“[Psychedelics] have a revolutionary potential, and that’s not an exaggeration,” says Dr Robin Carhart-Harris, who will lead the study.

But it is not the first time scientists have been excited about these mind-altering substances.
More than 50 years ago the idea of psychedelics came to the forefront of the medicinal world but was halted.

However, with everything comes the good and the bad . Starting with the negatives some can argue that making psychedelics legal can blur the boundary between medicine and just plane taking it for granted (likened to how argue patients take antibiotics for granted). A further point is that UN convention on the drugs in 1971 effectively ended scientific research, because it led member states to make them illegal and classify them as Schedule 1 drugs – those deemed to have no medicinal benefit.
Counter arguing this is that there are some beliefs that they will have benefits. For example in 2009, Dr Carhart-Harris became the first UK scientist in more than 40 years to research psychedelics, beginning a series of studies using scanners to see how psilocybin affects the brain.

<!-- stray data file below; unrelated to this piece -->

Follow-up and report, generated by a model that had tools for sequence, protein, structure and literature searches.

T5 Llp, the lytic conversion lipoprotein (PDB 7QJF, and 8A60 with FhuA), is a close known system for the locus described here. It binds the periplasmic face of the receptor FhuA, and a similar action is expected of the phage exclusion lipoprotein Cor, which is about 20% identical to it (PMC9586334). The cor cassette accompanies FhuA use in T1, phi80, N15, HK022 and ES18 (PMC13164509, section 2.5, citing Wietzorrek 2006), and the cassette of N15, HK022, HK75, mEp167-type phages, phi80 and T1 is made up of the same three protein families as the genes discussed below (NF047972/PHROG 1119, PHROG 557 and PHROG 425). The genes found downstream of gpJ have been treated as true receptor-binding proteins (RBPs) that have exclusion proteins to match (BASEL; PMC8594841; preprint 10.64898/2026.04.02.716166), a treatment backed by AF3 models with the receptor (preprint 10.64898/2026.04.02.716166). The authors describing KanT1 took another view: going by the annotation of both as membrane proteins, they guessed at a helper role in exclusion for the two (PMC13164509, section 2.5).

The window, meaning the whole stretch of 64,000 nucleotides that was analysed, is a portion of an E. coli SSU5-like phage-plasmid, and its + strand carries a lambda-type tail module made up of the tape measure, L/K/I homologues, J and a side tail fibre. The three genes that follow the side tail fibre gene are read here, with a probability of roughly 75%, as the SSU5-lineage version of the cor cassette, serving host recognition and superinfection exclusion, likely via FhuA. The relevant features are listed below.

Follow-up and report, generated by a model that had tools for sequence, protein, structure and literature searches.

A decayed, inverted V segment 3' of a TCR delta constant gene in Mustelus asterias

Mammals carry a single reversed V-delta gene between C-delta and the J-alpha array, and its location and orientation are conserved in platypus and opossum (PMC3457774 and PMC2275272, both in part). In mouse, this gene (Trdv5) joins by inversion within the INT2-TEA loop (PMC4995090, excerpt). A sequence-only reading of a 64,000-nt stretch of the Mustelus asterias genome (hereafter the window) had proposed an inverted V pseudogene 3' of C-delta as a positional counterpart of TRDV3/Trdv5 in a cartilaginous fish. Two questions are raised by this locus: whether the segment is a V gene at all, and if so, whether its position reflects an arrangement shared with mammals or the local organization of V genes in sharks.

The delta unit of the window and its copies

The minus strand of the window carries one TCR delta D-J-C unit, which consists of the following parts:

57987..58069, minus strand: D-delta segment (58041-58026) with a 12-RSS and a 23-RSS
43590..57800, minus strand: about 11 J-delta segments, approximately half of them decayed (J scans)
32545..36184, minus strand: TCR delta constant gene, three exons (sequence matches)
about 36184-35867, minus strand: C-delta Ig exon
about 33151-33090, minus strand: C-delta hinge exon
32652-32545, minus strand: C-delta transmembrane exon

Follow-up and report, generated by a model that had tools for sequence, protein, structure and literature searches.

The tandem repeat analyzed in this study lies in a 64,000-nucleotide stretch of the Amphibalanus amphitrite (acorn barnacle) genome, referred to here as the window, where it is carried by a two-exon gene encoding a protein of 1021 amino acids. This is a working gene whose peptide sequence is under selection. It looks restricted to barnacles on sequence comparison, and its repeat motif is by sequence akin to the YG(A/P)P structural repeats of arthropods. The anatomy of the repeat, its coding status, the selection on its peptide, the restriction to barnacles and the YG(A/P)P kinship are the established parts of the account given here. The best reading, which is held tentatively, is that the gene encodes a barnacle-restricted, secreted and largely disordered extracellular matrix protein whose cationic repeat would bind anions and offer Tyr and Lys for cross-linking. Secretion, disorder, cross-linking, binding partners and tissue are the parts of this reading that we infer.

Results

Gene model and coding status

Among other findings, a study from his team last year found that psilocybin ( a type of psychedelic drug) can reset the brains of people with untreatable depression

The paper, published in the journal of scientific reports, showed psilocybin affected two areas of the brain: The amygdala, which is heavily involved in how we process emotions such as fear and anxiety, and the default-mode network – a collaboration of different brain regions.